My work covers theory and practical topics at the intersection of statistical learning and information theory. In particular, the focus is on high dimensional and complex problems, that are not amenable to traditional statistical methods and guarantees. At the same time, we also try to understand the fundamental limitations on when learning is possible, and how to characterize non-uniform learning. We also explore complexity in sampling, such as from slow mixing Markov processes (for example, obtaining news on very polarized topics on the Internet), and study how to interpret data from such sources.
Currently my research program is funded by grants from the National Science Foundation, and my latest work tries to reshape the way we think about some statistical problems. At a high level, consider the nature of scientific discovery. We keep refining theories as we see more data. The natural question therefore is---will the refinements ever end? Will it happen that at some point, we can make up our minds and say with confidence that our inference is good enough and no more data will change it substantially?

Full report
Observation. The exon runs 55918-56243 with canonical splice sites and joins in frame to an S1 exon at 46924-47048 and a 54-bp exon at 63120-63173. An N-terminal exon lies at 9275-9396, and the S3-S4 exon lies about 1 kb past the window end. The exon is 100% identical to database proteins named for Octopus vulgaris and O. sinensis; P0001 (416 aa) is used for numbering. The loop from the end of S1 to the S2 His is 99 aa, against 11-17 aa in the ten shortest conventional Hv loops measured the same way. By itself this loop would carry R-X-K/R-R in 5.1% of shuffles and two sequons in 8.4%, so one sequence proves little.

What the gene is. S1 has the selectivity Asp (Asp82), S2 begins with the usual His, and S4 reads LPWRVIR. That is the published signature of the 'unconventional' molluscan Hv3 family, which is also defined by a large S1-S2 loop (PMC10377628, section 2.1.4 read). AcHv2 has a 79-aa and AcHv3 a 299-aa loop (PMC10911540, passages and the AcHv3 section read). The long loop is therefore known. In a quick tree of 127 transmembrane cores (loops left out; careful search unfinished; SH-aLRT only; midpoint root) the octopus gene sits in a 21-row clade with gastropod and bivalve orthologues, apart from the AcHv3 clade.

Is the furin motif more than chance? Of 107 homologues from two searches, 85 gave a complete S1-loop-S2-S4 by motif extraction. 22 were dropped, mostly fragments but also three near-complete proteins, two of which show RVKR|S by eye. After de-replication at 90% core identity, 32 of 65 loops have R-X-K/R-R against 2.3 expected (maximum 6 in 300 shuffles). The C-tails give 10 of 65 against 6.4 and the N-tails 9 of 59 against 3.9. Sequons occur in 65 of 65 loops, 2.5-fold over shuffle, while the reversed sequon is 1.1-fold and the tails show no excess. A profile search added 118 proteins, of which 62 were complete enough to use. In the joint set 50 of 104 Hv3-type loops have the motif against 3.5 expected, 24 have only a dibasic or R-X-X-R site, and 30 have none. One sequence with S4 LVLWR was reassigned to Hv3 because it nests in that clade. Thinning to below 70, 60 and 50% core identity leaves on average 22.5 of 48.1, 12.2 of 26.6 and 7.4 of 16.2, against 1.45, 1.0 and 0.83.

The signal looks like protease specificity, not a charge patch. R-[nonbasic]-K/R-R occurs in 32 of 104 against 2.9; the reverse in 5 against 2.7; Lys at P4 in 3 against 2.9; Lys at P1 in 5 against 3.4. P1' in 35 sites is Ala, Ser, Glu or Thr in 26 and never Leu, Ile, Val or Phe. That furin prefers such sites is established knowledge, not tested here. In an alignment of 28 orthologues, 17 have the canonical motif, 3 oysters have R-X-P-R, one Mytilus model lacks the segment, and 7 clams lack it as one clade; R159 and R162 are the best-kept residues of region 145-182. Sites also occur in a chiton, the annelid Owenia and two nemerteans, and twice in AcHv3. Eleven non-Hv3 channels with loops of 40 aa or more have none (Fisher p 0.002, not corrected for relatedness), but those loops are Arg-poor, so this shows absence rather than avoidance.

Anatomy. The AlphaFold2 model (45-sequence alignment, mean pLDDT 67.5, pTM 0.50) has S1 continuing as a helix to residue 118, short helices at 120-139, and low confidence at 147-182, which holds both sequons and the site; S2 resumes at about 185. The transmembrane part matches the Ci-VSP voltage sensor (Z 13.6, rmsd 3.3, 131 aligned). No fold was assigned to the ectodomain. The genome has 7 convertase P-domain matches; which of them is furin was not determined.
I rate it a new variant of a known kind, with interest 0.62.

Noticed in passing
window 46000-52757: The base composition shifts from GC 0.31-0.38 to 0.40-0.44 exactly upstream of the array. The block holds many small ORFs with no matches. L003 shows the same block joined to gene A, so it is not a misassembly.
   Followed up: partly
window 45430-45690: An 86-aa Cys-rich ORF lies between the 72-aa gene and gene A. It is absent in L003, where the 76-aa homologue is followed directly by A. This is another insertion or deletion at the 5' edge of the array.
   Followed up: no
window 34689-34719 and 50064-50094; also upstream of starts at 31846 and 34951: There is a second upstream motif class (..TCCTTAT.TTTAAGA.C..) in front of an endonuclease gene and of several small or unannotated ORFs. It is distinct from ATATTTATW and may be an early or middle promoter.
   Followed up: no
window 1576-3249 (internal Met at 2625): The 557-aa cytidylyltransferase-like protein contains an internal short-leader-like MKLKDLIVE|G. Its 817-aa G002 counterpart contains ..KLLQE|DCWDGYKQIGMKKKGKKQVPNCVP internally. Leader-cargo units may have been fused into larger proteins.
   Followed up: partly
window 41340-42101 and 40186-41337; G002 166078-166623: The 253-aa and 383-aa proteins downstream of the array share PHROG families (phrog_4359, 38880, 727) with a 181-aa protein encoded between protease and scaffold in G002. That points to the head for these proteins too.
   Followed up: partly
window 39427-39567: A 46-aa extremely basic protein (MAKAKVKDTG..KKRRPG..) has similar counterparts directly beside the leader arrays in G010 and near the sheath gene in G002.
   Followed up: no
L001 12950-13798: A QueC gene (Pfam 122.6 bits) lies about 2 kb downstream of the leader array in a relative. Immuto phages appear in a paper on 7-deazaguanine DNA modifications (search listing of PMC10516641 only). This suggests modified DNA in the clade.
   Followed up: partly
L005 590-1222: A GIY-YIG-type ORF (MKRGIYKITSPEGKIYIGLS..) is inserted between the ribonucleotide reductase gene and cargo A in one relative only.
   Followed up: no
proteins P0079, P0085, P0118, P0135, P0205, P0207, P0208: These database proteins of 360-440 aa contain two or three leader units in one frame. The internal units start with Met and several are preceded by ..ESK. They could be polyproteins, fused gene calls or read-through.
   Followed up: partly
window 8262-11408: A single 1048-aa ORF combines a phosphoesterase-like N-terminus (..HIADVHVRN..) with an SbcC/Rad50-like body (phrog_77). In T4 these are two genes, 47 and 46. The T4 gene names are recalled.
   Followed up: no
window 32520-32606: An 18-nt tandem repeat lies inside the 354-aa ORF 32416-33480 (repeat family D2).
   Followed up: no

There are a number of nuances to this broad perspective, and our recent publications listed below summarize some of our results. A more complete list of publications is available via my CV here.
|Fall 2021||ee342||Probability and Statistics||MWF 10:30-11:20||Virtual|
|Fall 2021||ee345/lab||Linear algebra and machine learning||MWF 8:30-9:30, Thu 9-11:45||Virtual|
|Every semester||eex96||Design Project||Mon: 10:30am, Tue: 430pm||POST 205F|
|Spring 2022||ee646||Information Theory||MW 9-10:30||Sakamaki B301|